Setting water pressure question

Discussion in 'Plumbing Forum, Professional & DIY Advice' started by djryval, Jan 31, 2010.

  1. djryval

    djryval New Member

    Messages:
    31
    Location:
    Georgia
    I live in a relatively new home and checked my water pressure today on both hose bibs and it sits around 56 to 57psi with all faucets off. Then I ran a hot water faucet inside for 10 minutes (then shut it off) which kicked on the water heater. The pressure spiked around 73 to 74 psi while the heater was running. It dropped back to around 60 psi within 15 minutes, and then drops a tad lower after 45 minutes or so. Is this OK or should I lower the pressure down some with the PRV? I don't want to have premature leaks due to high water pressure. The entire house is PEX with the except of the copper tubing that comes out the walls where the shutoff valves are located. Just want to make sure I have an acceptable pressure rating especially with it going up to near 75 when the water heater is working.
  2. Gary Swart

    Gary Swart In the Trades

    Messages:
    7,359
    Location:
    Yakima WA
    The rise in pressure is normal. Your pressure is well within safe range.
  3. hj

    hj Moderator & Master Plumber Staff Member

    Messages:
    26,831
    Location:
    Cave Creek, Arizona
    Do you have an expansion tank? If not, there is no way to control how much the pressure increases from the water heating. All reducing the static pressure will do is give you a poorer flow from the faucets, but the pressure could still increase to 75 psi, or higher, depending on how much hot water you use and the temperature the tank is set for.
  4. djryval

    djryval New Member

    Messages:
    31
    Location:
    Georgia
    I don't have an expansion tank, but I was hoping that since the pressure was never any higher than 75 psi when the w/h was running full blast then I was probably OK without one. I've always kept the water heater on it's lowest recommended setting, so the water temp never get scalding hot and it helps keep the gas bill from going crazy.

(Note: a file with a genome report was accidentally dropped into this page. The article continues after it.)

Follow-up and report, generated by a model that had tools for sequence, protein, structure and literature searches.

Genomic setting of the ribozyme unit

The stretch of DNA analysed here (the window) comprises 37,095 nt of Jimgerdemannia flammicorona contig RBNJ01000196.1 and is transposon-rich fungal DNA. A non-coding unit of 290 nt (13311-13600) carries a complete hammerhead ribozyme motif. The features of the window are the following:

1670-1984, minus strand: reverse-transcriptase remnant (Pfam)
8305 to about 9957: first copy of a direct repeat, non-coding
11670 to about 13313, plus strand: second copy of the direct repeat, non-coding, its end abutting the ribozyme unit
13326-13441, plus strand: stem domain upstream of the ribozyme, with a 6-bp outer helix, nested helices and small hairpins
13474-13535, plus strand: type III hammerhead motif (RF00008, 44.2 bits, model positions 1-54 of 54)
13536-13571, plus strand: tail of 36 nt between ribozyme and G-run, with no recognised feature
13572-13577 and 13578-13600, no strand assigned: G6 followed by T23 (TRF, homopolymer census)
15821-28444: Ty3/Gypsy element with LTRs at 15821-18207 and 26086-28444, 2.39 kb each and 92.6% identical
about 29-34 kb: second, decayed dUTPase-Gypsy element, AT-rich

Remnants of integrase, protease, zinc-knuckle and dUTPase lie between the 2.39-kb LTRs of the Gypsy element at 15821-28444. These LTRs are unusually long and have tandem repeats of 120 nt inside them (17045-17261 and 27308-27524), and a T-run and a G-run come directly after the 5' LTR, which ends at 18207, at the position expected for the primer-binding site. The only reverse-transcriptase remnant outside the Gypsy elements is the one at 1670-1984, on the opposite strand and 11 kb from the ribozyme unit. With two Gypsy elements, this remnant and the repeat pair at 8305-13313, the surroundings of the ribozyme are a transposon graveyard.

I just want to make sure I'm still within a safe psi range because I don't know at what pressure you would need to get an expansion tank installed.
  5. jadnashua

    jadnashua Retired Defense Industry Engineer xxx

    Messages:
    22,143
    Location:
    New England
    While you may not have a prv, it sounds like you may have a check valve in your supply (often installed by the water company). So, to solve this problem, install an expansion tank. Your pex lines are acting like an expansion tank and you are putting more stress on them. Probably not a big factor, but it will also wear on the supply hoses to the washing machine and faucets. your water heater may last longer, too.
  6. djryval

    djryval New Member

    Messages:
    31
    Location:
    Georgia
    There is a PRV on my side of the water meter, and it has a range of 25-75 psi according to the tag. It was set on 45 psi when I first moved in and I told the builder that I didn't have enough pressure to wash my car. Therefore the contracted plumber came out one day when I was gone and adjusted it, but I never followed up to see what he set it to. Many more houses have been built in recent months in this neighborhood, so I decided to check it over the weekend and the numbers I posted above is what I currently have going on. I may scale it back to 50 psi just to try and keep it under 70 when it maxes out.
Similar Threads: Setting water
Forum Title Date
Plumbing Forum, Professional & DIY Advice Temperature setting for each water heater element Jan 28, 2008
Plumbing Forum, Professional & DIY Advice Temperature setting on new mod-con boiler/water heater Nov 29, 2007
Plumbing Forum, Professional & DIY Advice you will go with one-pipe monoflo setting or two-pipe reverse return setting? Aug 24, 2014
Plumbing Forum, Professional & DIY Advice Setting up pump in sump pit to pump to sidewalk if sewer line is backed up May 27, 2014
Plumbing Forum, Professional & DIY Advice Upsetting Conduct of Plumber Apr 9, 2013

Share This Page